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Unformatted text preview: Chapter 10 Solitons Starting in the 19 th century, researchers found that certain nonlinear PDEs admit exact solutions in the form of solitary waves, known today as solitons . There’s a famous story of the Scottish engineer, John Scott Russell, who in 1834 observed a humpshaped disturbance propagating undiminished down a canal. In 1844, he published this observation 1 , writing, “I was observing the motion of a boat which was rapidly drawn along a narrow channel by a pair of horses, when the boat suddenly stopped  not so the mass of water in the channel which it had put in motion; it accumulated round the prow of the vessel in a state of violent agitation, then suddenly leaving it behind, rolled forward with great velocity, assuming the form of a large solitary elevation, a rounded, smooth and welldefined heap of water, which continued its course along the channel apparently without change of form or diminution of speed. I followed it on horseback, and overtook it still rolling on at a rate of some eight or nine miles an hour, preserving its original figure some thirty feet long and a foot to a foot and a half in height. Its height gradually diminished, and after a chase of one or two miles I lost it in the windings of the channel. Such, in the month of August 1834, was my first chance interview with that singular and beautiful phenomenon which I have called the Wave of Translation”. Russell was so taken with this phenomenon that subsequent to his discovery he built a thirty foot wave tank in his garden to reproduce the effect, which was precipitated by an initial sudden displacement of water. Russell found empirically that the velocity obeyed v ≃ radicalbig g ( h + u m ) , where h is the average depth of the water and u m is the maximum vertical displacement of the wave. He also found that a sufficiently large initial displacement would generate two solitons, and, remarkably, that solitons can pass through one another undisturbed. It was not until 1890 that Korteweg and deVries published a theory of shallow water waves and obtained a mathematical description of Russell’s soliton. 1 J. S. Russell, Report on Waves, 14 th Meeting of the British Association for the Advancement of Science, pp. 311390. 1 2 CHAPTER 10. SOLITONS Nonlinear PDEs which admit soliton solutions typically contain two important classes of terms which feed off each other to produce the effect: DISPERSION − ⇀ ↽ − NONLINEARITY The effect of dispersion is to spread out pulses, while the effect of nonlinearities is, often, to draw in the disturbances. We saw this in the case of front propagation, where dispersion led to spreading and nonlinearity to steepening. In the 1970’s it was realized that several of these nonlinear PDEs yield entire families of exact solutions, and not just isolated solitons. These families contain solutions with arbitrary numbers of solitons of varying speeds and amplitudes, and undergoing mutual collisions. The three most studied systems have beencollisions....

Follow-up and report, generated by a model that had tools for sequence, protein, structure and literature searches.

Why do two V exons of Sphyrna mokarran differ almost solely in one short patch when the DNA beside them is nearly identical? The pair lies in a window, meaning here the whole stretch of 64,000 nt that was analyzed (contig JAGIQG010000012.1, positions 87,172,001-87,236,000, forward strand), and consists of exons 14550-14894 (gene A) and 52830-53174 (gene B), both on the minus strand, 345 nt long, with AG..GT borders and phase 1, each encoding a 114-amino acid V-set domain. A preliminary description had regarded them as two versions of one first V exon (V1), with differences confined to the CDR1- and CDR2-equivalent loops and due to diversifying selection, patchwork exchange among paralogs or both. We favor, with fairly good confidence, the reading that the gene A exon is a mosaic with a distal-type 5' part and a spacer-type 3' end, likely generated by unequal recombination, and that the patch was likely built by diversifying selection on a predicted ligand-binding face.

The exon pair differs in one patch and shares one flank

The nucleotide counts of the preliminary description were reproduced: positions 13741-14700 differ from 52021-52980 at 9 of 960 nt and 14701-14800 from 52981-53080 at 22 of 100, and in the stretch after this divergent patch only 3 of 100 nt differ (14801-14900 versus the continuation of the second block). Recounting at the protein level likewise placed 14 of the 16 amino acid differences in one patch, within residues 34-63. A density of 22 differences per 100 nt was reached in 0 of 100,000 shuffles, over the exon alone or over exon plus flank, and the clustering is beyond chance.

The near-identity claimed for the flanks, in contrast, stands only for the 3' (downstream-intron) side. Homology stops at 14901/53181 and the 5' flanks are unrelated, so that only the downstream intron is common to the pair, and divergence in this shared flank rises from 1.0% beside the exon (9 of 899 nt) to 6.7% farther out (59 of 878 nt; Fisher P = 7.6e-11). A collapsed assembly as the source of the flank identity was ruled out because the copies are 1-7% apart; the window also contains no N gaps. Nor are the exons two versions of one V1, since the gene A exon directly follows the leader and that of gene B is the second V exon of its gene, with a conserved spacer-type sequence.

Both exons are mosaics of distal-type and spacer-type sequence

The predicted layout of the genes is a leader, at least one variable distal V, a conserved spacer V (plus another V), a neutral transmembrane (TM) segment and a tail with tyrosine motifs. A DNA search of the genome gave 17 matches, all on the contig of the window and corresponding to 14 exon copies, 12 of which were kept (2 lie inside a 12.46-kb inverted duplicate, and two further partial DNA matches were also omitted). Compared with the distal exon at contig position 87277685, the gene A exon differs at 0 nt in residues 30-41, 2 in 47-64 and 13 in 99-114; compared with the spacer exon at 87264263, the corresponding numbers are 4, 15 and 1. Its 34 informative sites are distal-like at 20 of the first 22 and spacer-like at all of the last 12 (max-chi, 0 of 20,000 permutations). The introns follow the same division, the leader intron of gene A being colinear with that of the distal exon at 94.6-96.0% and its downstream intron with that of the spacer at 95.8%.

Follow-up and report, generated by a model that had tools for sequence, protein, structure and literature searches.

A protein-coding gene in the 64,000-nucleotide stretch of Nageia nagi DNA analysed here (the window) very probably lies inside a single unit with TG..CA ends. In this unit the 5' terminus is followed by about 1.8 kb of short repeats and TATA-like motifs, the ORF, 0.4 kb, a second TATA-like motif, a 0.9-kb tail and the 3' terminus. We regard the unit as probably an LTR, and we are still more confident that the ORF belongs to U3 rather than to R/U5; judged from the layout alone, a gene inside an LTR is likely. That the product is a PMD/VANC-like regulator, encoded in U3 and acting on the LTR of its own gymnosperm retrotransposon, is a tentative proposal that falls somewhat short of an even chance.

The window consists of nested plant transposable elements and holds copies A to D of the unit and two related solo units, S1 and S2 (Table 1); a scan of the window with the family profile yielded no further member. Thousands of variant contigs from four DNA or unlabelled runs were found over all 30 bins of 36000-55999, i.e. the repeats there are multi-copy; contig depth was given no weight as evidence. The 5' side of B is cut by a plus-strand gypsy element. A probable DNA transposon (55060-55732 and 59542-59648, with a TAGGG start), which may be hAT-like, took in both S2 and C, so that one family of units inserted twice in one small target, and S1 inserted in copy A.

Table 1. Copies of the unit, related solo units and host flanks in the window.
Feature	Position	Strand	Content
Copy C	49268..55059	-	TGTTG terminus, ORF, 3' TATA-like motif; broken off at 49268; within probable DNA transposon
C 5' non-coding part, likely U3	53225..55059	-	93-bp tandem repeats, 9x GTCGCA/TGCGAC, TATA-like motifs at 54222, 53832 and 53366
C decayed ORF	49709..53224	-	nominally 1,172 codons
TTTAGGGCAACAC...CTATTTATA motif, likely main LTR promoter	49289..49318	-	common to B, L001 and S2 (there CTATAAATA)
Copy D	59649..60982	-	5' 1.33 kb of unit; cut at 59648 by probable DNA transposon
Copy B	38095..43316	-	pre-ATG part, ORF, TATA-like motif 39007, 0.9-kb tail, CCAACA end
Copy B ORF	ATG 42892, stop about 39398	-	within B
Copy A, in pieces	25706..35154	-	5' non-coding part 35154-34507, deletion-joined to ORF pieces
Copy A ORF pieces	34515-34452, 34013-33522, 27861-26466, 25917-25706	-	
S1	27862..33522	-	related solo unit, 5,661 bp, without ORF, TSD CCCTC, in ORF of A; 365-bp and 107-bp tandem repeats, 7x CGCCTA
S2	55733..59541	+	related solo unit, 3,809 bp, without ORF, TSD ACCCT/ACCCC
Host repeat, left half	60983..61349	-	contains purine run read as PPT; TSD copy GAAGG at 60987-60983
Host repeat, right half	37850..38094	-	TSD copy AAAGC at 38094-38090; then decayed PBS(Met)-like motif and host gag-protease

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 Fall '11
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 Equations, Partial differential equation, Korteweg–de Vries equation, Solitons, soliton

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